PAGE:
WAI HNIN PWINT THON: I would say that people inside the country are risking their lives. They are going out protesting. And they are calling — all the signs are written in English, because they want the international community to help. So, when we see statements from the U.N. Security Council and other international community, it started off being as an encouragement for us. But now, over a month, all these statements mean frustrations rather than encouragement, because we want the — we are calling for the international community to help because we know that they can. And we are calling them to do targeted sanctions on military companies and global arms embargoes.
Of course, China and Russia has always been the problem. But the argument is that, oh, China — the reality is China is using its veto power in the U.N. Security Council because, in return, they are getting cheap access to the natural resources we have in my country. So they are doing it for their own pocket. And as a country like the U.S. and the U.K., you have the power to lead other nations to follow with targeted economic sanctions on military companies. That’s why we are calling for international community help, because we know that you can help.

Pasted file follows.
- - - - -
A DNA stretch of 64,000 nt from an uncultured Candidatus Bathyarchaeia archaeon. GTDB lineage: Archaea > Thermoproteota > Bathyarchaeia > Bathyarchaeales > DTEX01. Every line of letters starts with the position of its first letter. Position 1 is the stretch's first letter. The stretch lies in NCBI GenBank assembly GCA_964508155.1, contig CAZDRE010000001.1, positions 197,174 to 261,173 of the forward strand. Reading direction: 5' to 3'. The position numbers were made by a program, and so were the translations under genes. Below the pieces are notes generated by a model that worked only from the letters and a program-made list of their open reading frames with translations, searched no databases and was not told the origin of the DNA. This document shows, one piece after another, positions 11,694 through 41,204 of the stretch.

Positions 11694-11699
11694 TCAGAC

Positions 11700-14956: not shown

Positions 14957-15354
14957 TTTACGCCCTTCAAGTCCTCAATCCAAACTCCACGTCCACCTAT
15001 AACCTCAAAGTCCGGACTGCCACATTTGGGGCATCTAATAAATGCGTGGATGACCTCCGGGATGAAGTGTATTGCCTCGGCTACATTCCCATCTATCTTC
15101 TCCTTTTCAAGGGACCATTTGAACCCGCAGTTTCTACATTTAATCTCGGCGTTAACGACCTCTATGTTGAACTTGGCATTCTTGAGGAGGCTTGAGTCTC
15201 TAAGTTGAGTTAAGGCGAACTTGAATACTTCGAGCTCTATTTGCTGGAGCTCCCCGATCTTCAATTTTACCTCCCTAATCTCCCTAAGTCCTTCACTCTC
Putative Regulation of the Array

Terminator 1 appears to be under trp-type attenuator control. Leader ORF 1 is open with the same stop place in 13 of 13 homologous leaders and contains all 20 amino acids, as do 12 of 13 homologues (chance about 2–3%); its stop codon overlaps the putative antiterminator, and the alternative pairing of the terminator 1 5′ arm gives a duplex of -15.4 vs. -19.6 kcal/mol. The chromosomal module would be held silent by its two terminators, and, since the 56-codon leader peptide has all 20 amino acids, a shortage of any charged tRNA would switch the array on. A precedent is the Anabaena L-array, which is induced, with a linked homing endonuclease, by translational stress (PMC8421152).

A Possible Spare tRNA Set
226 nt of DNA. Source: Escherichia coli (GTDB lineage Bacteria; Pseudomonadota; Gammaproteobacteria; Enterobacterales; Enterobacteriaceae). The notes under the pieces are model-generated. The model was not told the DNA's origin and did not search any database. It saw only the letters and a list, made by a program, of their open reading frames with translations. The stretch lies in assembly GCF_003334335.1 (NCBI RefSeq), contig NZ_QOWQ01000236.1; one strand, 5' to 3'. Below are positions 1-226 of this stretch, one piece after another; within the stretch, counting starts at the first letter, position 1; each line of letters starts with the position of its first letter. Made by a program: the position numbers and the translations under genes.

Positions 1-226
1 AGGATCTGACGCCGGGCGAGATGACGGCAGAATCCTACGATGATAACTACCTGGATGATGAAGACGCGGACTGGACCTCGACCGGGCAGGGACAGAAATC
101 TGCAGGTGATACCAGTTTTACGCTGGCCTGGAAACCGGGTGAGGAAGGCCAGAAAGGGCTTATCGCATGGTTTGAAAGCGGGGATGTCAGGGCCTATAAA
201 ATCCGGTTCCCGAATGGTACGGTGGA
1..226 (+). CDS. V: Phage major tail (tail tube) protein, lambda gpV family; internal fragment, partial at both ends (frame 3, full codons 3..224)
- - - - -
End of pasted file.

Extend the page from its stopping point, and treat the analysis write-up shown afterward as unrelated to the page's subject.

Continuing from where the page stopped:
AMY GOODMAN: China and Russia did back the U.N. resolution condemning the violence. Is that right, Wai Hnin?
WAI HNIN PWINT THON: Yes, but, of course, they know the statement has no sway over the military. They keep issuing statements after statements, “Oh, we condemn this violence. We condemn this arrest.”
AMY GOODMAN: I want to ask you —
WAI HNIN PWINT THON: But nothing has changed.
AMY GOODMAN: I want to ask you about that violence. And I want to warn our viewers that we’re going to show very graphic violence on the ground. But the level of the violence against the protesters, and just who the protesters are, the number of young people who are out on the streets, and also the way the protest is now filtering out through all of society in Burma, the farmers our in rural areas and others, Wai Hnin?